When Fawcett pulled out of the comic book business, two things happened that is still affecting comic books, I am ignoring the transfer of certain properties to Dell. My comments are based solely on Fawcett taking care of its own properties and I don't need to complicate a complicated topic more.

First, Fawcett did not renew the copyrights on the comics it had published. Had Fawcett done so, none of the stories being published by Bill Black would be available in the public domain and I'd have that Mr. Scarlet Archive by now. (My belief is that because the Fawcett stories are in the public domain, DC will never publish any collection of those works beyond Cap because all DC would be doing would be cleaning up art and making it
available for anyone to reprint and resell. Despite what Bill Black would have you believe/would like people to believe, the slight alteration of a comic page may identify is as coming from Men of Mystery, but I just don't think that if brought to court the alterations would be enough to give Black a copyright on matter in the
public domain. It goes against the public interest to take something back from the public domain after it has entered it.)

Second, Fawcett did not renew the trademarks for their comic books and that is understandable since Fawcett wanted out of the business. Apart from paying a fee, a federal trademark must be shown to be in actual use in commerce if it is going to be granted that renewal. IMO, this is why every so often DC will publish a new "The Brave and the Bold" mini-series or an All-American Comics one-shot. By doing that, it keeps the trademark active and out of the public domain.

Regarding Marvel and Captain Marvel, the simplest explanation is that Marvel swooped in when it found that the trademark for CAPTAIN MARVEL ADVENTURES had expired and published its own Captain Marvel comic book, thereby securing the trademark. As is well known, this is why DC produced ashcan issues of comics titled SUPERBOY, SUPERWOMAN, and SUPERMAN COMICS, and Fawcett THRILL COMICS and NICKEL COMICS without regard for the contents. The companies needed to show that they had a magazine on sale in commerce to secure the associated trademark.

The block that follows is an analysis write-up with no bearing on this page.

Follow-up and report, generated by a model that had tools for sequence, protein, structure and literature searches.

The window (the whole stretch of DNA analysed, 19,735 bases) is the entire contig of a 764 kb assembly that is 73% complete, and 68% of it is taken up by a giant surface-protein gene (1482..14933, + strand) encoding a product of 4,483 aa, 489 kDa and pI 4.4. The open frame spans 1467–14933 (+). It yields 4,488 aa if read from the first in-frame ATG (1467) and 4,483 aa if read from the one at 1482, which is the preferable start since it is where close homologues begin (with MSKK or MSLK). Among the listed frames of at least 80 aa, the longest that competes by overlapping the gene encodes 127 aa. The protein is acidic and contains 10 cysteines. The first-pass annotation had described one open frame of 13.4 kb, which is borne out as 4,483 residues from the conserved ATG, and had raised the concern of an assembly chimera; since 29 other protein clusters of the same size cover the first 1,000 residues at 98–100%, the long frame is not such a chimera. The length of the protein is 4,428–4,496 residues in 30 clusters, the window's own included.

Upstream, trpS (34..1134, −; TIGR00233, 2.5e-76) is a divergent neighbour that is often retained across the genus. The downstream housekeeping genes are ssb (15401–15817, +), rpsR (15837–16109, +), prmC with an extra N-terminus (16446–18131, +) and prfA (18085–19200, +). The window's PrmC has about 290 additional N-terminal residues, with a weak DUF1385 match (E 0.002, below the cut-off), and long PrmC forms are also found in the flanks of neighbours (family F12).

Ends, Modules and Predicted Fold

(If you've been paying attention, you may have seen that the publication of ashcans skirted the letter of the law at the time. To obtain federal registration of a trademark, the mark had to have been in use in commerce, that is, for sale across state lines. An ashcan edition was lucky to have made it out of a company filing cabinet, let alone onto a news stand in New Jersey. Things tightened up in the intervening years, so that Marvel had to actually produce a MS. MARVEL comic book to lock-up the trademark, for instance.)

Trademarks serve as indicators of quality for consumers and MARVEL has a certain meaning to consumers of comic books. In the early fifties, MARVEL could rightly be associated with Fawcett super hero comics, but by the time Marvel applied for registration of "Marvel Comics Group" Fawcett's Captain Marvel was off of the radar of the average comic buyer so MARVEL on the cover of a comic book in 1974 was an indicator of a different kind of product than it had indicated in 1954. I offer that Marvel may not have even thought that CAPTAIN MARVEL was available until M.F. Enterprise's version of Captain Marvel come out in 1966. When that version ceased publication within a year, Marvel probably felt it should sew-up control of that name since if one rival used it, what could stop the Distinguished Competition from now printing a comic with that title? (Marvel's first use of Captain Marvel was in Marvel Super-Heroes #12, Dec. 1967.)

So, there you have every reason why DC can publish comic books featuring Captain Marvel, but will never be able to use the character's name on the cover of any of its comics. Not only does Marvel own MARVEL for use with comic books in general, it also owns the trademark CAPTAIN MARVEL for comic magazines. In summary:

1. Names cannot be copyrighted, Any name may be used by any author at any time. However, if you plan on calling your character "Batman," he damn well better not resemble any variation of the character ever published by DC or else you could be hauled in on a copyright infringement allegation.